Chapter One

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I caught a glimpse of myself today. Not the me of my mirror image, nor the me of my forgiving mind’s eye, but the me that strangers see. I saw my description on the pages of a book, recognised myself in the words of a man I have never met.

I was on the train to work, looking by turns at the passing blur of the flatlands outside and the paperback on my lap, when I was overcome with a nagging feeling that something was amiss. Something unsettling had been said or done, but I had no idea what. I waited for it to either fade or crystallize, but it did neither. Instead, it lingered uncomfortably, following me off the train and taunting me throughout the halting bus ride to the shabby third-floor London office where I spend my time processing orders for hair restoration products.

It may have eluded me all day were it not for the ritual flirtations between my supervisor, Hazel, and Simon, who comes around selling lunchtime baguettes from a basket. I used to buy from him when I first started working here, but wasn’t very good at the small talk in which he wraps his wares, so now I take a packed lunch instead. Hazel does not.

“I think I’ll try the smoked turkey with pesto. And I’ll have a blueberry muffin to go with it,” she purred at him.

“All right, darlin, anything for my favourite girl…”

“Will you have bagels tomorrow?”

“Sorry flower, I can’t make it tomorrow. I’ve got to go to my auntie’s funeral.”

Funeral. The word hit me like a train speeding out of a long, unlit tunnel. My mind ran away without me, darting back through time, looking for the source of this sudden resonance. I picked through the remnants of last night’s dreams and re-read the morning’s newspaper headlines. Nowhere could I recall a funeral, so I replayed my journey to work, watching myself step into the busy carriage, find a seat and silently debate whether or not to take off my coat. I eavesdropped anew on the hushed chat of commuters around me and re-opened my bag to see if it held any clues. The paperback felt relevant to my search. At least vaguely. So, while Hazel continued to play coy with Simon, I opened it anew.

“This story, Dear Reader, begins one summer not so very long ago, on a train filled with office workers and the heavy odour of their collective August existence. Among them were three scantily clad girls who wore their rude rolls of fat with misplaced pride, and through whose poorly painted lips came unsavoury breath telling unsavoury tales of their sexual conquests of the night before.

A middle-aged woman listened with envy to their lurid bragging as delirium tremens lay siege to her body. Mentally breaking her vow of sobriety, she sulkily mouthed the words ‘make mine a double’ at a boy perched on his father’s pin-striped trousers across the aisle. The child stared back at her with wide-eyed fear, brightening only when his young eyes hit upon a bald man whose stomach was oozing from the gaps between the buttons of his inadequate shirt.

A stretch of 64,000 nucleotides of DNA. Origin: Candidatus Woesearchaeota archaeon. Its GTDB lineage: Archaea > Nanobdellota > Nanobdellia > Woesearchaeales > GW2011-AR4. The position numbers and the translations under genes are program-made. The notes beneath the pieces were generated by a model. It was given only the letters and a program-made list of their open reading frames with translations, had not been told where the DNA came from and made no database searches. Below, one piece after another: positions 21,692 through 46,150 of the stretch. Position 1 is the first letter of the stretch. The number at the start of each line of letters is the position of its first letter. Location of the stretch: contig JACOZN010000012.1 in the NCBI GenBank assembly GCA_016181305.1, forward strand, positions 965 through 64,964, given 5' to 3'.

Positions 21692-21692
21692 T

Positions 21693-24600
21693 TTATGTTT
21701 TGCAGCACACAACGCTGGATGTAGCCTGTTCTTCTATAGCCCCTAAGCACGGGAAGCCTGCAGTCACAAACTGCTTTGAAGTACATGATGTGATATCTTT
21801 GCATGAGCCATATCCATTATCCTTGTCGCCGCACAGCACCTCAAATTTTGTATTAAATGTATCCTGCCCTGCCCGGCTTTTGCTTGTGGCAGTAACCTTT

The ample man acknowledged the child with a wink and sought to entertain it by blowing his nose into a piece of newspaper. The father struggled to conceal his disgust, and repositioned the boy to face a younger, haughty-looking woman who, refusing to be drawn by any of what she saw, carefully smoothed the folds of the cream and green floral print dress she would be wearing to the funeral she would happily soon be planning.”

There it was, the source of the resonance. The mental relief was blissful, and I closed the book and leaned back in my chair to enjoy this victory over my sluggish memory.     But the triumph was short-lived, because something was still not right. Whatever it was, that something appeared to be connected to the book now lying face down on top of a stack of papers on my desk. I tried to ignore it but the blurb on the back cover rose to meet me. 

“The Ruthlessness of One Man’ is based on the physical appearance of a real-life London commuter. Perhaps she is sitting across from you, at your side, or is the one you just walked past.  Perhaps she is even you. Whoever she is, Mr Walden’s interpretation of her life will leave you, Dear Reader, in no doubt that things are rarely as they seem.”

I received The Ruthlessness of One Man, as a loyalty gift from the old-fashioned book club I joined a few years ago and had previously never heard of either it or its author, Mr. Walden. But it held a certain appeal, so rather than dedicate another lunch hour to helping what appears to be an endless number of balding men – and some women – I read.           

“It was hot inside the compartment, and although she felt it too, Davina had no intention of joining the chorus of predictable heat-induced moans and groans. She rolled her green eyes at her fellow passengers’ futile attempts to fan away the inhospitable heat, mentally berating them for fuelling the very furnaces they were at pains to extinguish whilst simultaneously spreading the ghastly human smells that assaulted her every intake of breath. These she filtered by holding to her nose a crumpled lace-trim handkerchief. Each time she did so, she bowed her head just enough for her fine shoulder-length red hair to fall forward and reveal a thin pink scar below her left ear.”

I think I am that woman.

 

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